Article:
House of Vettii: Steven Baldi, Greg Bogin, Martin d’Orgeval, Candida Höfer, Ridley Howard, Georges Hugnet, Pam Lins, Lilly Lulay, Olivier Mosset, Lisa Oppenheim,  Sigmar Polke, Matthew Porter, Carissa Rodriguez, Andreas Schulze, Philip Taaffe, Carolyn Salas,  Sara VanDerBeek, and Lily van der Stokker

FOR IMMEDIATE RELEASE

House of Vettii: Steven Baldi, Greg Bogin, Martin d’Orgeval, Candida Höfer, Ridley Howard, Georges Hugnet, Pam Lins, Lilly Lulay, Olivier Mosset, Lisa Oppenheim, Sigmar Polke, Matthew Porter, Carissa Rodriguez, Carolyn Salas, Andreas Schulze, Philip Taaffe, Sara VanDerBeek, and Lily van der Stokker.

December 12, 2013–January 18, 2014

Opening reception: Thursday, December 12, 6–8PM

Taking its name from a house belonging to two brothers, Aulus Vettius Conviva and Aulus Vettius Restitutus, House of Vettii looks back at a visual culture that was inadvertently preserved by volcanic ash when Mt. Vesuvius erupted in 79. Born slaves, the brothers amassed enough wealth by selling wine to buy their freedom. As freedmen, they settled in Pompeii around 62, the same year that damage from an earthquake weakened the city’s posh reputation. In addition to driving away Pompeii’s wealthiest residents, the earthquake unexpectedly shook the city’s rigid social structure, providing new opportunities for those of a lower social status.

The House of Vettii diverges from the contemporary idea of a home in that, similar to the Roman domus, the house was much more a public manifestation of the owners’ identity. It was considered the owners’ forum, where delineations of public and private, personal and professional, were extravagantly indistinct. The brothers set themselves apart from other merchants, eschewing the common practice of using a street-facing room as a storefront. Instead, the rooms are resplendent in early examples of architectural conceit, trompe l’oeil, figuration, illusionistic windows, mannered interiors, and mythological imagery.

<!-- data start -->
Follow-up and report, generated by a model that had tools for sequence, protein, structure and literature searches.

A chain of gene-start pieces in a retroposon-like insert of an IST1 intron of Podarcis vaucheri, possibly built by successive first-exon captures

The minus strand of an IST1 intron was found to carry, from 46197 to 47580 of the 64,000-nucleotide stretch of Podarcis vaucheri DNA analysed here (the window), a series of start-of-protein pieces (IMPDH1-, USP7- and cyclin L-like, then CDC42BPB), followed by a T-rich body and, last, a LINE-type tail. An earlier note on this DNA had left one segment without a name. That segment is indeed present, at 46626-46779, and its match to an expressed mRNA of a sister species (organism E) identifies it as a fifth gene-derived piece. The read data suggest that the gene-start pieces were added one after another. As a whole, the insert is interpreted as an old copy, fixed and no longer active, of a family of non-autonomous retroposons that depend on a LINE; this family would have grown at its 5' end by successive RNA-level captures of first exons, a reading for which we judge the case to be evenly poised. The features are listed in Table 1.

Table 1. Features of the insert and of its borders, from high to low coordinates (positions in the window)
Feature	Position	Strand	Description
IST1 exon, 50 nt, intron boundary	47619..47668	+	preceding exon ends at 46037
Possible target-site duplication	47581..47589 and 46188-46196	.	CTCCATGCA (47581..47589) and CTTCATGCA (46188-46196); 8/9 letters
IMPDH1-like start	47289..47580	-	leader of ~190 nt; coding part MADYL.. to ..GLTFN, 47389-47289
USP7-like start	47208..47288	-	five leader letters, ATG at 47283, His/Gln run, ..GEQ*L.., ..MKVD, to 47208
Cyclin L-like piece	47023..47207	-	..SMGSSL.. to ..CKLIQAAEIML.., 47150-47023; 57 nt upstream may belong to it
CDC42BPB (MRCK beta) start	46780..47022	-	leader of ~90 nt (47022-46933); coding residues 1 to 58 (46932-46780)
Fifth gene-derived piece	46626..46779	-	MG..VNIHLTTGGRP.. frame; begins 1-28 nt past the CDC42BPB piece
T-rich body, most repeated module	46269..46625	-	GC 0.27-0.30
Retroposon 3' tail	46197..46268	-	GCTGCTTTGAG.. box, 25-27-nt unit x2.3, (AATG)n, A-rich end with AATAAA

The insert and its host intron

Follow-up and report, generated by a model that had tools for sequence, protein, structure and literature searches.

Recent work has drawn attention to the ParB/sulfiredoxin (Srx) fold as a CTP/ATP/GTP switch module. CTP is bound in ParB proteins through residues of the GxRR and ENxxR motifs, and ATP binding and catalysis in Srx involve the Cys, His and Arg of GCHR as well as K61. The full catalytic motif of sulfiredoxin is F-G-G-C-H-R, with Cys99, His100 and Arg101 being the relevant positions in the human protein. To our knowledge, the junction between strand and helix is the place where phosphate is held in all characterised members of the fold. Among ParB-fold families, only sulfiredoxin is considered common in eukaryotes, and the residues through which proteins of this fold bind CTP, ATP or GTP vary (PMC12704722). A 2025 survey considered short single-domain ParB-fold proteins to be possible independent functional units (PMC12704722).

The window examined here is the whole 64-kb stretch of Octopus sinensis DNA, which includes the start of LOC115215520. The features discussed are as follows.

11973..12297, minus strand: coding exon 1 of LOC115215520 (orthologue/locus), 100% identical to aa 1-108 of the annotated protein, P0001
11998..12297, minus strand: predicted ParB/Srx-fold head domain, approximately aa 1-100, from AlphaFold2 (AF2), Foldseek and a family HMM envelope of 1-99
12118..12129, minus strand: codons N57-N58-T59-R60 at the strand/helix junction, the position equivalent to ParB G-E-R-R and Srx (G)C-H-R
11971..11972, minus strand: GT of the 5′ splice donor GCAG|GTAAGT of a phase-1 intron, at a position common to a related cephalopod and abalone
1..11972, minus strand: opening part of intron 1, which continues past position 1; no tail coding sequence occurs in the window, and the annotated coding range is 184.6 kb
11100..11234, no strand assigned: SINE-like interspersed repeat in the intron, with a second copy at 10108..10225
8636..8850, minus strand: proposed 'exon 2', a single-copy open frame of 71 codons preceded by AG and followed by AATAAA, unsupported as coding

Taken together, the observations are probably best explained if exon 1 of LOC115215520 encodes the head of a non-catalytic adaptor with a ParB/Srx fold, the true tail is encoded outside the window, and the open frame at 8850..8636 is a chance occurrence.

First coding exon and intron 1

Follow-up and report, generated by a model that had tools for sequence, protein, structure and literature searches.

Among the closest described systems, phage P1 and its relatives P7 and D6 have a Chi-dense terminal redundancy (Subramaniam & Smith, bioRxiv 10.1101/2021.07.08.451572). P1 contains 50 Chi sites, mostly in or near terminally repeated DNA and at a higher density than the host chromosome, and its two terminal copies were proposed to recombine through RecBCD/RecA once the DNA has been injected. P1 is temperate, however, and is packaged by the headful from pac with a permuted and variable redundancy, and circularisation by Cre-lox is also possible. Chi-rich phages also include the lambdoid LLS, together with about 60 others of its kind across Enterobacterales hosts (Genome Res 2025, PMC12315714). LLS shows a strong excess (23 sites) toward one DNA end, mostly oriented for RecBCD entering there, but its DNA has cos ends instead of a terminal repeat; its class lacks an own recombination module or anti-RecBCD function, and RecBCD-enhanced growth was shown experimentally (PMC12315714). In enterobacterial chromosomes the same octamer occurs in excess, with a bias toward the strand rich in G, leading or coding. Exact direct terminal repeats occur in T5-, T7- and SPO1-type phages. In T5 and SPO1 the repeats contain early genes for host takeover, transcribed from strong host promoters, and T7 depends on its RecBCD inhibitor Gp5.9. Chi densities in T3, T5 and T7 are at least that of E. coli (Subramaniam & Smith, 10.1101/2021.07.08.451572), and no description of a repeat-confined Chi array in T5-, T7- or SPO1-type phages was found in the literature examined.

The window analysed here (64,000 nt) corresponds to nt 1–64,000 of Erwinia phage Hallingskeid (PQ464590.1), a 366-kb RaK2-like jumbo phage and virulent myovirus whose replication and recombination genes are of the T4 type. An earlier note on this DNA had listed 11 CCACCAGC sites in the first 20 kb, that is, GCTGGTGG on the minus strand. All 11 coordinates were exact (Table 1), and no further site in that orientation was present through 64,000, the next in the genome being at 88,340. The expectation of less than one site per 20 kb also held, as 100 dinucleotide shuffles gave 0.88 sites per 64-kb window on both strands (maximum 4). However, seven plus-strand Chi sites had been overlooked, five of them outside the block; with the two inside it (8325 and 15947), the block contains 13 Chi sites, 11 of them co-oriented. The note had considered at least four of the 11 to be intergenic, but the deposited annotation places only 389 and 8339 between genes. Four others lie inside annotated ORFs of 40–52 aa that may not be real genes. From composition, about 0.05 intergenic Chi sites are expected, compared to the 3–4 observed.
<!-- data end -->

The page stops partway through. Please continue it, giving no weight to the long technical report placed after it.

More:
The House of Vettii’s baroque combination of all Pompeiian painting styles makes it emblematic of the Fourth Style. The House of Vettii also reveals the aspirations of a burgeoning middle class that used homes to express the combination of personal values and spectacle, to present inner contemplation and outward gregariousness simultaneously.

In the exhibition, the past presents a hypnotic sway in Sara VanDerBeek’s updated iconography, while works by Sigmar Polke and Philip Taaffe weave mythical symbols of protection and transformation. The interior of the Villa Borghese, documented by Candida Höfer, echoes these fables and provides symmetrical vistas through trompe l’oeil windows. Andreas Schulze and Matthew Porter frame illusory interiors, while Lilly Lulay’s collages construct landscapes. Paintings by Pam Lins and Ridley Howard employ elements of the quotidian while playing with perspective. Meanwhile, Olivier Mosset and Martin d’Orgeval make direct reference to the historic walls’ surfaces, as Georges Hugnet playfully exalts the erotic drawings that likely appeared in private quarters. The monumental is reconsidered by Greg Bogin and Carolyn Salas. Carissa Rodriguez leaves clues about mercantile machinations and Lily van der Stokker gives away the trade secrets. Conflating past and present, Lisa Oppenheim captures sublime beauty in the advent of destruction. With deft wit, Steven Baldi’s faux clock tricks time.

Koenig & Clinton gives special thanks to: A.B., B.D., A.H., C.H., L.K., and G.W.

For further information please contact info@koenigandclinton.com or call (212) 334-9255. Hours of operation are Tuesday-Saturday, 11AM–6PM and by appointment.